I did not think to get up close (should have known better) but later found out that you  can see details that you cannot be seen looking at the larger statue.

For example, did you know that there are broken chains at her feet? They represent our freedom from oppression and tyranny.

From Google











The seven-pointed crown she wears represents the seven seas and the seven continents of the world.

From Google










The statue was purchased by The Hartz Group where it  now proudly sits.

Added Bonus

Hint: don’t ignore the insides buildings… this  lobby has a museum quality 16th century Knight’s of Armor and an original 17th century Royal Goblin Tapestry. Only in NYC.

Oh by the way, the parade was great!

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NYC – Chelsea – Rubin Art Museum

NYC – Chelsea – Rubin Art Museum

Chelsea is known for its art galleries, hotels, restaurants, and nightlife that cater to an energetic crowd. It is home to numerous galleries, with the epicenter of the art scene out on 10th and 11th avenues.  and the area of West Chelsea  has become a new global center of contemporary art, home to over 200 art galleries.  Along with the art galleries, Chelsea is home to the Rubin Museum of Art, with a focus on Himalayan art.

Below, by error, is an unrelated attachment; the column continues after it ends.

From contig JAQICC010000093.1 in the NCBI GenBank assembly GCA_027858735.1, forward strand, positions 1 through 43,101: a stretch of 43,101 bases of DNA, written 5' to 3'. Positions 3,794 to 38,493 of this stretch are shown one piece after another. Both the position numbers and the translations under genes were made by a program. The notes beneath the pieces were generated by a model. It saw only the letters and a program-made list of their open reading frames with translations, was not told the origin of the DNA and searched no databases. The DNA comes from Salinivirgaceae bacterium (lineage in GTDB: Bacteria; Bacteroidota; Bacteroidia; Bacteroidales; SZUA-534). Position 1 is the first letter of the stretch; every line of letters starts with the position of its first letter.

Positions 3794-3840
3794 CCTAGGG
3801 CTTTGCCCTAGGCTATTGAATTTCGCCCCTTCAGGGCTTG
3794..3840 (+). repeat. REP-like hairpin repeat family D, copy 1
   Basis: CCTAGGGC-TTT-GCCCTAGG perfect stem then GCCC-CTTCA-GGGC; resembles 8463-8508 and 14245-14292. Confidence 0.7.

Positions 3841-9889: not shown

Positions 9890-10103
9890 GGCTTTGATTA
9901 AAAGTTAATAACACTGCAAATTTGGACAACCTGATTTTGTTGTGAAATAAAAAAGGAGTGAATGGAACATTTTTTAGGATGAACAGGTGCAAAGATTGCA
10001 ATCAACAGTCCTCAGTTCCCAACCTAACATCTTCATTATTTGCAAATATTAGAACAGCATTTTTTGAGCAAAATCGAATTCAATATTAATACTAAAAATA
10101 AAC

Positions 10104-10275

There are delightful discoveries at the Rubin Museum of Art. The exhibitions represent a splendid diversity of Asia’s cultures, regions, and iconography – beautifully curated and exhibited in creative and innovative ways, including through the vehicles of community events and multimedia presentations. The museum’s permanent collection of art from the Himalayan region is expertly documented and engaging and there is always something new to learn about and enjoy.




Prayer Wheel

The effect is created by handmade kaleidoscopes that are mounted on the camera lens and built with glass and crystals from the region. By allowing natural light to filter in, the resulting images evoke an inverted triangle, a symbol in Tibetan Buddhism that represents the search for equilibrium and equanimity. Continue Reading »